Positioning and navigation technologies include satellite-based systems, i.e. Global Navigation Satellite Systems (GNSS), as well as non-GNSS techniques for determining the position of a person or an object of interest. Many navigation systems are also capable of providing precision timing. Such systems are increasingly being used in safety- and/or security-critical applications such as aviation, autonomous vehicles, and emergency services, as well as synchronization within communication systems, financial infrastructures, power grids, etc. This makes navigation technologies not only an obvious target for malicious attacks but also a critical point-of-failure in case of unintentional disruption. The growth in vulnerabilities has far outpaced the spread in public and authorities’ awareness, as well as development of mitigation techniques. In short, the security and privacy aspects of positioning and timing technologies have been scarcely addressed. This project aims to create
(1) beyond state-of-the-art knowledge for improving robustness of GNSS receivers against jamming and spoofing,
(2) advanced methods for improving user privacy and information security in non-GNSS positioning, and
(3) legislative solutions in terms of policy and regulatory recommendations for improving the privacy of end-user data exchanged in location-based services.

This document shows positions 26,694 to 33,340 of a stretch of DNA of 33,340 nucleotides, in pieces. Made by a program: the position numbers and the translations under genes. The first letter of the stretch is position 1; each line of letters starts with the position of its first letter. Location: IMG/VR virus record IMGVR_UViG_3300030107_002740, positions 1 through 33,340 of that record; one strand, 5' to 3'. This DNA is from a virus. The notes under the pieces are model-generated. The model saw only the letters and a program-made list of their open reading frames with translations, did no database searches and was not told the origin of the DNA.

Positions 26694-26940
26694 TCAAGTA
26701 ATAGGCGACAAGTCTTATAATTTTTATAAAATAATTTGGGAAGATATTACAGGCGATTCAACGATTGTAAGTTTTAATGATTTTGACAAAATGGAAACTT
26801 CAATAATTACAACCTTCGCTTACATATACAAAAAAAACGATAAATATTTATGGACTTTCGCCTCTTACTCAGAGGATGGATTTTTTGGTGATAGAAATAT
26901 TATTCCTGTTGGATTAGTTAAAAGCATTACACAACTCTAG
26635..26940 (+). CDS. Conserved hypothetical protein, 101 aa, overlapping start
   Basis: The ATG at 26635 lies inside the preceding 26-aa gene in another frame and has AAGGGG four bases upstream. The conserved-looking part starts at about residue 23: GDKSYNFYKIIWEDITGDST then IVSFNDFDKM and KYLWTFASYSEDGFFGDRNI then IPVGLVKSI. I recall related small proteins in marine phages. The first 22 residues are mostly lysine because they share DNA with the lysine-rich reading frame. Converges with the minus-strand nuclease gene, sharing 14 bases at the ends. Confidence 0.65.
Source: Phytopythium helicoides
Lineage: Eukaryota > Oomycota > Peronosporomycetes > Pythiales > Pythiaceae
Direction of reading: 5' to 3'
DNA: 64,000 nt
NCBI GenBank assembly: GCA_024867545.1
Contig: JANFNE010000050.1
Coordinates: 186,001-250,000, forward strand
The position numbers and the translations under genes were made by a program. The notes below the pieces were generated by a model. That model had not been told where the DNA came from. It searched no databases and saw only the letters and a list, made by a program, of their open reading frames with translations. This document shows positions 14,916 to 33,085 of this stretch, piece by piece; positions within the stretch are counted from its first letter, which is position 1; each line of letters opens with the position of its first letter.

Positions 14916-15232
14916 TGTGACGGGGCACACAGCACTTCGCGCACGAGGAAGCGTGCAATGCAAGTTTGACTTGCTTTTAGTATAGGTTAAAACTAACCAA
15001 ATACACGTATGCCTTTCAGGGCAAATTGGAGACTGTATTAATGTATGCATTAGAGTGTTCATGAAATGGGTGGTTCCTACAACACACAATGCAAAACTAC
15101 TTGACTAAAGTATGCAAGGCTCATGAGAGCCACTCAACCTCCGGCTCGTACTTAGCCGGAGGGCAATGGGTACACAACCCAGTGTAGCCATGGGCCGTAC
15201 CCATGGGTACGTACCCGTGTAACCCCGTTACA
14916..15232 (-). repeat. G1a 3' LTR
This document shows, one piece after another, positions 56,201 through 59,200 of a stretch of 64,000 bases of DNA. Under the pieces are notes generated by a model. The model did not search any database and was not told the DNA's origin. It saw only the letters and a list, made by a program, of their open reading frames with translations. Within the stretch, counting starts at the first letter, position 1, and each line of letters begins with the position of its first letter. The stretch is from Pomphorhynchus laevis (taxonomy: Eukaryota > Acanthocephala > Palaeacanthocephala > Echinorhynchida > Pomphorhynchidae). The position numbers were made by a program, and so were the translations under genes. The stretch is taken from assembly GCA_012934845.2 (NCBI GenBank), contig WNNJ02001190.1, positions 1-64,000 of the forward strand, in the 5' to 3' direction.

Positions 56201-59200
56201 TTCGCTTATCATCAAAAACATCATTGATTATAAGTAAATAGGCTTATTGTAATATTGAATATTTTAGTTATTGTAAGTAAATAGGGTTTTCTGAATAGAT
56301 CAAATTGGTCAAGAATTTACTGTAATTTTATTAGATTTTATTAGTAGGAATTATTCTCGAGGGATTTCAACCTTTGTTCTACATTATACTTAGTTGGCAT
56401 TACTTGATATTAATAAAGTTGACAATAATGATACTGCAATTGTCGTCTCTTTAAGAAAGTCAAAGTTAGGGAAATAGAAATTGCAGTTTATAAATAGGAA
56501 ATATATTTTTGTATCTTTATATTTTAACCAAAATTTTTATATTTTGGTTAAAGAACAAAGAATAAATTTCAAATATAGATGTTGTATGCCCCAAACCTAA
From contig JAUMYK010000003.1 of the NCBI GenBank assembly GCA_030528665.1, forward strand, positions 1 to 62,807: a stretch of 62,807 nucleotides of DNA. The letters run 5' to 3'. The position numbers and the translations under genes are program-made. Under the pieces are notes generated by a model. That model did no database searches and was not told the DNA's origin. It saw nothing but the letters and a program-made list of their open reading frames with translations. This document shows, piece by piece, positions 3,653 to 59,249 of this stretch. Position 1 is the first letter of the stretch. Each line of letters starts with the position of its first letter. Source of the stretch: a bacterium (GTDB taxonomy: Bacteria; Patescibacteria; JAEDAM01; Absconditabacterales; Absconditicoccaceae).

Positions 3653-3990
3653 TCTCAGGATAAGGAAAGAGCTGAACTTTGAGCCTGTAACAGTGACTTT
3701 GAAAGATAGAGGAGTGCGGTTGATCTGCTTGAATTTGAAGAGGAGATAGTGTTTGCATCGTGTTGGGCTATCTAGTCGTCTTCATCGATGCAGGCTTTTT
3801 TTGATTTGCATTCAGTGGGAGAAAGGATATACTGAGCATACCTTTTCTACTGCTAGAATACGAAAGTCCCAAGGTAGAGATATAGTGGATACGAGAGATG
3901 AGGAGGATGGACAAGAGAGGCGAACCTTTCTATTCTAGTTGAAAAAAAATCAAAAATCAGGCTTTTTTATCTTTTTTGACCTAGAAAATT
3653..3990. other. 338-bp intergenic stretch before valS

This project integrates the expertise of five research groups within Finland, resulting in a transdisciplinary consortium. The combined expertise areas include positioning and navigation technologies, sensor fusion, statistical analysis, communication and automation engineering, cryptography, and information law. The core partners in the consortium are the Finnish Geospatial Research Institute, Tampere University of Technology (two departments involved), Aalto University, and University of Helsinki, supported by a number of complementary collaborators and industry partners from the EU and the USA, each at the leading edge of research in their respective technology domains. The successful implementation of the project is expected to positively impact novel technology and algorithm development, its commercialization potential, its influence on future regulations, and its significance in shaping the public perception about secure, privacy-strengthened, and robust location-based applications and services. This research work will complement Finland’s existing position as a front-runner in location-based ecosystems.